John Frankl became profoundly troubled by questions of life’s purpose during his teenage years, leading him to study philosophy and psychology in order to find answers.
He met Sigmund Freud, a renowned psychoanalyst. However, Frankl soon grew disenchanted with Freud’s theories and decided to rethink human psychology on his own terms; thus founding logotherapy as his own therapy method.
Early Life and Education
Frankl was born in Vienna on March 26, 1905 and studied medicine and psychology at the University of Vienna before being forced to flee during World War II.
His father, Gabriel, was a civil servant and instilled in him an appreciation of social justice.
He instilled in him an intense rationality and the drive to lead a meaningful life.
On his return to the United States, Frankl joined Rickson Gracie’s Inosanto Academy and earned his blue belt. Additionally, he began learning BJJ from Roberto Maia in Boston and eventually earned a black belt by 2002.
Frankl was driven to find meaning and purpose within the concentration camp environment as he observed and experienced it firsthand. To this end, he employed several strategies such as:
John Frankl is a martial artist with expertise in several styles. A black belt in Brazilian Jiu Jitsu, he also teaches Kuk Sool Won. John has been instrumental in introducing BJJ to South Korea by opening what may have been the first legitimate Brazilian Jiu Jitsu academy there.
At the age of 12, he began training in Karate with Ron Williams and eventually graduated with a brown belt. Afterwards, he became an instructor at his local gym before joining Straight Blast Gym in San Francisco, where he became close friends with their leader Matt Thornton.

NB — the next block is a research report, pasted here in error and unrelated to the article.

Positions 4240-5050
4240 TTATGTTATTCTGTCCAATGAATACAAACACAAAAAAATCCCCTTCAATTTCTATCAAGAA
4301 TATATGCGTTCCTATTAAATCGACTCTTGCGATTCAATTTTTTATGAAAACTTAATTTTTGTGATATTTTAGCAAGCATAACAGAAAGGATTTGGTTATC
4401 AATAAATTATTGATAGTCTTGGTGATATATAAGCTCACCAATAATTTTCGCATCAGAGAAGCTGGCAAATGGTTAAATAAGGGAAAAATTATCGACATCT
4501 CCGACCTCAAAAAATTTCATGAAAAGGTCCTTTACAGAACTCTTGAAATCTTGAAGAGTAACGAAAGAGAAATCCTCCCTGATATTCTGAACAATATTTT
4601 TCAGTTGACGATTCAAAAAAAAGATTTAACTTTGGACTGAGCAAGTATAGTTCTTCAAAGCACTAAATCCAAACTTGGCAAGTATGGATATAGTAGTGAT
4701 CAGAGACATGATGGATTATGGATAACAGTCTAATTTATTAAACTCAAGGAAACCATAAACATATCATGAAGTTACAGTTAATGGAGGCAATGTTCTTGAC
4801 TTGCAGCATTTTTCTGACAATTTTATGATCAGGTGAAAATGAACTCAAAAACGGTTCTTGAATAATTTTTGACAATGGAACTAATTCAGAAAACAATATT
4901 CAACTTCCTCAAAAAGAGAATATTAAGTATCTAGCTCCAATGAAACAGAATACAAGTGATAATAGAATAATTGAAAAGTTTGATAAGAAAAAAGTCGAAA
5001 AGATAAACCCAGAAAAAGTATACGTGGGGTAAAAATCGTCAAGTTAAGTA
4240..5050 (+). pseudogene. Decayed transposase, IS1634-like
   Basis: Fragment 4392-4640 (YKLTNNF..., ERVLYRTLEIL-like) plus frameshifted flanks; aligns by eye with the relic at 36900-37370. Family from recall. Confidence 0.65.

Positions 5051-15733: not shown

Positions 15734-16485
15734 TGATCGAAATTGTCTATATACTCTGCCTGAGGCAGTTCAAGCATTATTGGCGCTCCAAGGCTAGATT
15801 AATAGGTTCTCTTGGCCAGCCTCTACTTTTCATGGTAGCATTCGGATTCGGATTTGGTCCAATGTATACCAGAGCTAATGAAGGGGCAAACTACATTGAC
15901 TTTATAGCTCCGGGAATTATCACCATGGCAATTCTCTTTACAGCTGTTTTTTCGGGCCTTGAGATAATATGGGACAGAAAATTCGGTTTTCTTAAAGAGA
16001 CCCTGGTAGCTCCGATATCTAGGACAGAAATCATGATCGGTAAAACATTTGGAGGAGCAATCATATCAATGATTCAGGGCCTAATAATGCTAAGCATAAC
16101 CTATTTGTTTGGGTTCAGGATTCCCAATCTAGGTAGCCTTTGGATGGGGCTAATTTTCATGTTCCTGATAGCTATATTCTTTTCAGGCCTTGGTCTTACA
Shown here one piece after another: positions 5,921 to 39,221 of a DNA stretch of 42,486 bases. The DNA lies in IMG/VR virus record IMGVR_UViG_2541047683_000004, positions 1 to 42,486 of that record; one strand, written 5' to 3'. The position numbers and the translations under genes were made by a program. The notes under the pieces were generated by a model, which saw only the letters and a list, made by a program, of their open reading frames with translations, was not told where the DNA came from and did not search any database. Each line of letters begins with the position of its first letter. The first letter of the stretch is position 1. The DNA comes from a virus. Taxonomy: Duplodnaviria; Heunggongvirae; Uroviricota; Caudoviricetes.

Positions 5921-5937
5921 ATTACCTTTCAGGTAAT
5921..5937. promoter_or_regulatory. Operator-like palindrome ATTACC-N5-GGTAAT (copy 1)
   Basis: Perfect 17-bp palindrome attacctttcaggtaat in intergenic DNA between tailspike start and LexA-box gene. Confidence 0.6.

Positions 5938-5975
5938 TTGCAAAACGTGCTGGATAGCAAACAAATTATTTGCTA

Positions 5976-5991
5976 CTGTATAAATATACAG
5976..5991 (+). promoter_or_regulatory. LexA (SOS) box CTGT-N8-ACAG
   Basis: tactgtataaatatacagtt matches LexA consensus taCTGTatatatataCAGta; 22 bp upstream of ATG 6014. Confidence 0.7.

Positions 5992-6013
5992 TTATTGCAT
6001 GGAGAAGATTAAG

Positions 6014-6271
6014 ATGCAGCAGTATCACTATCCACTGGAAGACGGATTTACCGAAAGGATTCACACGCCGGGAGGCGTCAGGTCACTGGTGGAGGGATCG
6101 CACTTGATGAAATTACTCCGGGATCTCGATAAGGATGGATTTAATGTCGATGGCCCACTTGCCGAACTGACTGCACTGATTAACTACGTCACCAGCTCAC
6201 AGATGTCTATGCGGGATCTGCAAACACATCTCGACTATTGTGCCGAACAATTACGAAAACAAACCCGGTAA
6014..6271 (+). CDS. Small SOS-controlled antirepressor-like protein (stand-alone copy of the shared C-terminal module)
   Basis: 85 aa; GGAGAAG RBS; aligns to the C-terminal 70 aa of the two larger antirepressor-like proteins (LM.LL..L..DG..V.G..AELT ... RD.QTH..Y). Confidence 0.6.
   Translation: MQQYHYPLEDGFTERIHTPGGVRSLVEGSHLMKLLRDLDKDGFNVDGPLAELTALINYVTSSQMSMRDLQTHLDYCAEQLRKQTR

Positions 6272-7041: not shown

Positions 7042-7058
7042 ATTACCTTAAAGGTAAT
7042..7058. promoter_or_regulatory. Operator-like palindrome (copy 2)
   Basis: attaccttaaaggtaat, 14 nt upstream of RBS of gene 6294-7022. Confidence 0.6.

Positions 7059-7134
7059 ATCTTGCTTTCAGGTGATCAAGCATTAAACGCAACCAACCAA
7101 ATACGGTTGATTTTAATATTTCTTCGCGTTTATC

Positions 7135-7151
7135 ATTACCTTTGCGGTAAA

While in San Francisco, John encountered Mr Byung-in Lee teaching Kuk Sool Won and this proved to be a major influence on him; so much so that he eventually earned himself a second degree black belt in Kuk Sool Won. From there he ventured into other styles such as Serrada Eskrima and Muay Thai sparring matches.
Achievements and Honors
On Sunday, May 7th the Yale School of Music hosted its annual Honors Dinner to honor students, alumni, faculty and distinguished guests. Dean Robert Blocker presented a Cultural Leadership Citation to retiring Yale Collection of Musical Instruments curator William Nicholas Renouf ’71MMA as well as an Ian Mininberg Distinguished Service Award to pianist Warren Lee ’00MM”.
John Frankl’s accomplishments have been recognized around the world. He founded what would later become known as Logotherapy, a third Viennese School of Psychotherapy that focused on meaning-oriented spirituality and social responsibility. His theory has been extensively applied to pastoral counseling practice today.
Frankl’s personal experiences shaped his philosophy of human psychology. His work differed from Freud’s psychoanalysis and Adler’s individual psychology in that he saw human beings as motivated by their potential rather than by any inherent flaws.
Frankl observed during his time in concentration camps that those who dedicated themselves to achieving an end had better odds for survival than those who stopped searching for meaning. This insight ultimately led him to create the theory of Logotherapy, which he later formalized.
Frankl’s life-long influence reached far and wide; his lectures at more than 200 universities and 40 books published in 50 languages showcased his ideas which resonate with scholars, practitioners, and lay people alike.
John Frankl has an estimated net worth of $5 million. He has worked in the financial industry for more than 21 years, holding various roles such as finance management and technology development.
He has also revolutionized Goldman Sachs’ global prime brokerage business. Additionally, he is the founder of Ff Venture Capital, an investment firm that invests in early-stage businesses.
Frankl is known for his entrepreneurial skills and also has a deep-seated passion for luxury yachts. He frequently attends superyacht events around the world, such as his recent event with Bulgari in St Barts where models adorned in expensive jewelry paraded on board the boat.